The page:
I’ll be giving a talk in Massachusetts on Wednesday afternoon about technology tips for tiny libraries at the MLA Conference. I’ll be getting in late on Tuesday and staying until early on Thursday. MLA is one of those conferences that only pays your registration for the day you are scheduled to speak so I’m not sure how much other MLA stuff I’ll be doing but this is just to say that 1) I’ll be there if folks want to come to my talk, get some lunch or walk around in the exhibit hall 2) I’ll be attending the dinner Wednesday night and would probably love company so look for me 3) I’ll be missing all the cool stuff later in the week (trivia, Keith Michael Fiels, Michael and Jenny and Jessa) because I have to get back home and staff my drop-in time, but I hope it’s great.
We’re going through some growing pains at the Vermont Library Association requiring a lot of email, extended explanations and apologies, and a revisting of what is and is not “normal” for libraries and library associations to do and to know. I’ve been quoting John Blyberg quite a bit.
Some people also just donâ€™t like to step out of their comfort zone. They donâ€™t want to absorb new things. I was on a top technology trends panel at OLA last January when someone asked, â€œwhat if we donâ€™t want to learn about all these new technologies?â€ (paraphrase). I donâ€™t think I was in the mood for hand-holding because my answer was, â€œitâ€™s your job.â€ Really. I donâ€™t believe libraries are life support systems for staff. We need to work for our bread. That means that we have so stop bunting and try to knock it out of the park every single time. That takes passion, and too many people in every industry, including libraries, lack it.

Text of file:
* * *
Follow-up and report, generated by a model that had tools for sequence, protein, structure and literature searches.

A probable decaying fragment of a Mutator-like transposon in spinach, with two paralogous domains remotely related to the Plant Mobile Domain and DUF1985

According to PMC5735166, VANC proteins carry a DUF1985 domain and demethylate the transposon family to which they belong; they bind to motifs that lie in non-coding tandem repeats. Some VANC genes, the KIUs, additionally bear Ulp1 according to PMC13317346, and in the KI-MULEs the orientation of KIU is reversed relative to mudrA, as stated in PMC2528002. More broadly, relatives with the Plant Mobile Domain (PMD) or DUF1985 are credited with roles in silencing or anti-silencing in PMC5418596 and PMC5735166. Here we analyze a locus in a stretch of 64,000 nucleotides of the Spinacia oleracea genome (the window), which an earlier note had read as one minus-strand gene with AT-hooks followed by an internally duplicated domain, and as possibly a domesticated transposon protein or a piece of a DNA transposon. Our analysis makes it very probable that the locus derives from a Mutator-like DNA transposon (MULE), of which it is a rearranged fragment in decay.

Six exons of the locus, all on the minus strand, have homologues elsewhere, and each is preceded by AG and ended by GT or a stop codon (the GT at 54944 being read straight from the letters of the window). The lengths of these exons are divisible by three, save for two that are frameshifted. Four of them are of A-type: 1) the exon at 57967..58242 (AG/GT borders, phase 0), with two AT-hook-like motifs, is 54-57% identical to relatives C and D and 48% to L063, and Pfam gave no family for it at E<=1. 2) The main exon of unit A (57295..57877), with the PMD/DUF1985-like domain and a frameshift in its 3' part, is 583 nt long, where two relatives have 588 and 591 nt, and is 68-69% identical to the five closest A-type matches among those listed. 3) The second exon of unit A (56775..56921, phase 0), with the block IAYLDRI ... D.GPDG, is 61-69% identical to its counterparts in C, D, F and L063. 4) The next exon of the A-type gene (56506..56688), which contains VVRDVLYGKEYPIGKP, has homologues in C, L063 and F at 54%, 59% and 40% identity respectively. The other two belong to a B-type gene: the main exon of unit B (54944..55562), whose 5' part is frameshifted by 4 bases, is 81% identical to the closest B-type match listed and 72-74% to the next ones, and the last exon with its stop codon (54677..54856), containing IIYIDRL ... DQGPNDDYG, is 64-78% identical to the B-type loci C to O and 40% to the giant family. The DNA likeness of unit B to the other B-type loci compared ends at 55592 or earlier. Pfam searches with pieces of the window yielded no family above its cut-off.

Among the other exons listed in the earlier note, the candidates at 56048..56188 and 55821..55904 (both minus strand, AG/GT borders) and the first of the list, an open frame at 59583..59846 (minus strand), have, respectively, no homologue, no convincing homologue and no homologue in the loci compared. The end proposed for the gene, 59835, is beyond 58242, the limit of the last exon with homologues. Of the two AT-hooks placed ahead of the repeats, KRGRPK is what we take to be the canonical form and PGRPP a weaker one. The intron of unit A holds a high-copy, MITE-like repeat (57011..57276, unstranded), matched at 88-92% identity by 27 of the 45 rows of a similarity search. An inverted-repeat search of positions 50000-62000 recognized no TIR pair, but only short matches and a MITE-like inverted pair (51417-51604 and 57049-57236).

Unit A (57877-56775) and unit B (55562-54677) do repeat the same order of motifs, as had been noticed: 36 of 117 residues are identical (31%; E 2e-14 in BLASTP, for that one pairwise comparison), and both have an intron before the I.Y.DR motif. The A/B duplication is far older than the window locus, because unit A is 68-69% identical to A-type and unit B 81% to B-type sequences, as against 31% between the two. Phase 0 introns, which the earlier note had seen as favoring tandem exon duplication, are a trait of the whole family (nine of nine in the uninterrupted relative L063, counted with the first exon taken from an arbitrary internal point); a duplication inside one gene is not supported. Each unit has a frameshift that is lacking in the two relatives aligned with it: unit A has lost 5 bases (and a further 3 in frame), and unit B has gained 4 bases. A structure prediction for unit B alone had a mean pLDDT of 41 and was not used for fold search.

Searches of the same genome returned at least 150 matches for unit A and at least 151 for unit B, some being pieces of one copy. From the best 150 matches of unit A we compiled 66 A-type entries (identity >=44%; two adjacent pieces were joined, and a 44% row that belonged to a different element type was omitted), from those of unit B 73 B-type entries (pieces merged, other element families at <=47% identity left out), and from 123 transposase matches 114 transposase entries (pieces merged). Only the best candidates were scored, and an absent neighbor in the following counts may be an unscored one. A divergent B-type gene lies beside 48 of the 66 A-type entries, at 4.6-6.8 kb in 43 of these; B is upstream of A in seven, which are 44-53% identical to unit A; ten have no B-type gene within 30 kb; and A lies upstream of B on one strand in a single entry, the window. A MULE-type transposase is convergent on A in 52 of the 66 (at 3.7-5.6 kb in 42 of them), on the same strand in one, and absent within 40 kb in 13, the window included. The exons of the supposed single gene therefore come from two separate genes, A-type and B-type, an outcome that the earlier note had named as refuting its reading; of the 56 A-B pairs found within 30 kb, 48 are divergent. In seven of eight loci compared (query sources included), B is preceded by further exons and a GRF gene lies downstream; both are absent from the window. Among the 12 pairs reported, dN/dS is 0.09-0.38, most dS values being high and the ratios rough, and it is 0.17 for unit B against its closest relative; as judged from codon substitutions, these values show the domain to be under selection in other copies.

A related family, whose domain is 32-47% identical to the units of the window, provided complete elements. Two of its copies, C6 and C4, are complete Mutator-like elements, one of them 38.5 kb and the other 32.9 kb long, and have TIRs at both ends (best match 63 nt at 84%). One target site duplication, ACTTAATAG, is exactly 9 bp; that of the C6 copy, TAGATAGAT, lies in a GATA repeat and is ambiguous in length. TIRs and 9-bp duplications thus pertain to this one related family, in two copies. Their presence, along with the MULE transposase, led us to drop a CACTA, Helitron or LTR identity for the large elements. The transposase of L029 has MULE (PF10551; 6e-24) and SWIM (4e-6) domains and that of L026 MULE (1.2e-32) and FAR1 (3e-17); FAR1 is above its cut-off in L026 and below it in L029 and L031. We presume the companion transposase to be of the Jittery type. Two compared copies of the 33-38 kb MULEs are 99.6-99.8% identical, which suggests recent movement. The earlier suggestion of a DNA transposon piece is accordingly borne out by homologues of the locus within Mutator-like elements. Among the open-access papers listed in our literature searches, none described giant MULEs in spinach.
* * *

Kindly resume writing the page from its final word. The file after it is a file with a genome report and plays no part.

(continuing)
Priscilla Shontz and Richard Murray have just published their book A Day in the Life: Career Options in Library & Information Science. It’s got a millionty-zillion chapters and I should know because I read all of them before I wrote the book’s introduction. Check it out, good stuff.
I have a talk today at the Library Association of Rockland County meeting today in Suffern New York. I gave a variant of the 2.0 talk I have been giving lately. This one is called Web 2.0, Library 2.0, Librarian 2.0. Good news about what you are already doing. The funny thing is, while it looks similar to my other talks, every talk on this same topic winds up being totally different. Same loose outline, almost all new words.
When I gave a version of this talk in Kansas, it was much lower tech, a lot more focused on rural and local issues. When I talked to the people in New York I talked more about cell phones and the ideas that libraries have already been doing a lot of 2.0-ish stuff and not even knowing it. Also since I knew Steven Cohen was speaking in the afternoon about specific technologies, I did a lot less show and tell and a lot more big picture talking. I showed off more stuff, and especially more local stuff, when I was speaking in Kansas.
Two neat things. Library of Congress has a blog. Librarian.net blog is on its (currently two items long) blogroll. Woo, we love LoC! Now please consider replacing the subject heading Hermphroditism with Intersexuality. Thanks.